By Sam Asher, Early Years’ Service
The phrase “Executive Function” refers to a set of skills that support a person’s ability to plan, organise, problem solve, store information, follow multiple step instructions and stay focused despite distractions. These skills help us to prioritise tasks, filter out distractions from the environment and control our impulses.
Executive functions develop most rapidly between the ages 3-5, so this is the perfect time to introduce activities to support this development. This article offers some practical activity ideas to support the children within your setting. The Neurodiversity Team have also written a second article “Executive function and Early Years.” Please feel free to download the article alongside this one for further understanding on the topic.
Role Play – Provide plenty of opportunities for children to immerse themselves in imaginative play including the dolls house, dressing up and role-play. Imaginative play supports the develop of cognitive skills, self-regulation and planning/problem solving. Adults should support the children by role-modelling this style of play.
Books – Use story-time and the book corner to encourage an early interest in books. Use this as an opportunity to share stories and allow the child to predict what might happen next, think about the characters thoughts and feelings and, if appropriate, begin to imagine their own story.
Obstacle Courses – Using the outdoor space provides the
perfect opportunity to support the development of executive
function skills. By setting up obstacle courses that encourage
climbing and balancing, children need to focus and pay
attention to the activity in hand. Include activities that develop
organising skills, for example throwing bean-bags into hoops.
Games – Offer games that provide the opportunity to develop impulse control, for example Jenga and Snap. Hide and Seek is another great way to develop, not only impulse control, but planning and organising skills. Additionally, games that develop visual and verbal working memory, would include memory games such as ‘pairs’.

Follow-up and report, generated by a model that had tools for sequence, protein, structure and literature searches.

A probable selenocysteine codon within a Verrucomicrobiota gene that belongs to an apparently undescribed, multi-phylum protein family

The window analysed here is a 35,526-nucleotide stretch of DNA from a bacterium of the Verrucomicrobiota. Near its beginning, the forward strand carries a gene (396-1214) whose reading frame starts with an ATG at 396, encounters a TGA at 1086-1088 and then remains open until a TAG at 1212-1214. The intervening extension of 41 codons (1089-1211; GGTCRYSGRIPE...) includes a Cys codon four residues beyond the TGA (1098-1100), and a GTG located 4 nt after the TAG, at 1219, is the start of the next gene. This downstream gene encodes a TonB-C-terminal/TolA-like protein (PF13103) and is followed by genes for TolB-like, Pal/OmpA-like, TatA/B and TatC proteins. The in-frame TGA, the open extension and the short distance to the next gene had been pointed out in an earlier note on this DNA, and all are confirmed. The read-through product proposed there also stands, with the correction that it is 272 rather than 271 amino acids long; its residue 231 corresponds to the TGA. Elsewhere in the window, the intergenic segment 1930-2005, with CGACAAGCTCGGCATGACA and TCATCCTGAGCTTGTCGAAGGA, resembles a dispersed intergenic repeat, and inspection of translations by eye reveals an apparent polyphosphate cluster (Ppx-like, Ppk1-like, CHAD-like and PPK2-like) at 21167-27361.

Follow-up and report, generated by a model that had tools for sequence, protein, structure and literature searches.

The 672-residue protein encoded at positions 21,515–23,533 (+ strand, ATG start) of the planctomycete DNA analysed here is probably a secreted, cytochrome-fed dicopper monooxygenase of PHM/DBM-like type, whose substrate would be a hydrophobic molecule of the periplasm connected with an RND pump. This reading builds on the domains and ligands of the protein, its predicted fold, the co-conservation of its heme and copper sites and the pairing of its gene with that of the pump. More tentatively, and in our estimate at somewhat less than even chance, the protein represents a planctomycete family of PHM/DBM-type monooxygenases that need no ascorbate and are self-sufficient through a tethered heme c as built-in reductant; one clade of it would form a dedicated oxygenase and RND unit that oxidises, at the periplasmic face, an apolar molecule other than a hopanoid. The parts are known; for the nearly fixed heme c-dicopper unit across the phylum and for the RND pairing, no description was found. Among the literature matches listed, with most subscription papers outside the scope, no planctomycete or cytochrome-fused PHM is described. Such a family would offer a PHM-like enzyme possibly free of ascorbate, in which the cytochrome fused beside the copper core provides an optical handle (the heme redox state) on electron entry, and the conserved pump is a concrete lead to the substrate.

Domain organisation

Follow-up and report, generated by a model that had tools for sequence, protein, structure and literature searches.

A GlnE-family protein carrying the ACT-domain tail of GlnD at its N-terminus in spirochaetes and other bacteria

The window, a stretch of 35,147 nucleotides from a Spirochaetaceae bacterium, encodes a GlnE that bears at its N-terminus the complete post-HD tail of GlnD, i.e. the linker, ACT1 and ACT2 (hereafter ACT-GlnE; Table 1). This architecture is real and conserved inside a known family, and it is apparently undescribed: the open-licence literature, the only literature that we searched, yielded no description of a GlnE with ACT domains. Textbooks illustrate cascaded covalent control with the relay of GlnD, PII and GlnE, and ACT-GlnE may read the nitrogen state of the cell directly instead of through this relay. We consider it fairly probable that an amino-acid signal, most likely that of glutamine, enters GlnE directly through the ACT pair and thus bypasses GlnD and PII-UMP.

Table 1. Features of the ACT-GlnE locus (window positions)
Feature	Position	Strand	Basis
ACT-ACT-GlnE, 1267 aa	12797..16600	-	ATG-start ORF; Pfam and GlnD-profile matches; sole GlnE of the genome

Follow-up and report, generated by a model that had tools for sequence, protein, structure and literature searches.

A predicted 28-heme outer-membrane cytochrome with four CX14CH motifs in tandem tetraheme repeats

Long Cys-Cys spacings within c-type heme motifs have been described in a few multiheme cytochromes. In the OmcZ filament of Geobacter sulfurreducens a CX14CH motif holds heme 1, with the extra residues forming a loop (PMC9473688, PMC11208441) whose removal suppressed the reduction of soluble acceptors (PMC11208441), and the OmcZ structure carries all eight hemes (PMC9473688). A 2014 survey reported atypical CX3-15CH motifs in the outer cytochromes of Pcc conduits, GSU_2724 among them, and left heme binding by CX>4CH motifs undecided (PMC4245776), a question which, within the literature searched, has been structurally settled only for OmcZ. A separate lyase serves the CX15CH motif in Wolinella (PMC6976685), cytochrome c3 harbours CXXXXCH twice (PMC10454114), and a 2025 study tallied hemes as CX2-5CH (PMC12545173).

Puzzles – Ensure that there are plenty of opportunities for planning
and problem solving. Jigsaws, mazes and word search style puzzles
provide opportunities to enhance working memory. When providing jigsaws, it would be beneficial to start with fewer pieces and gradually increase them as and when appropriate. These could be made available throughout the setting.
Dance, Songs and Rhymes – Singing songs that use a repeated phrase, add something each time it is sung or use hand actions, help children to develop working memory and impulse control. Songs might include: ‘five little speckled frogs’, ‘10 in the bed’, ‘Old Macdonald had a farm’, ‘heads, shoulders, knees and toes’ etc.
Music provides a regular opportunity for children to engage with dance and movement. This will enhance the child’s ability to plan and organise their bodies, in time with the music.
Visual Instructions – Increase the use of visual prompts in the environment to support children to develop planning, organising and problem-solving skills. The construction area is a great place to start this, for example, stage by stage visual instructions of a Lego/block model for the children to copy. The toilet/snack area is also a perfect opportunity for this, by providing stage by stage visual instructions of hand washing.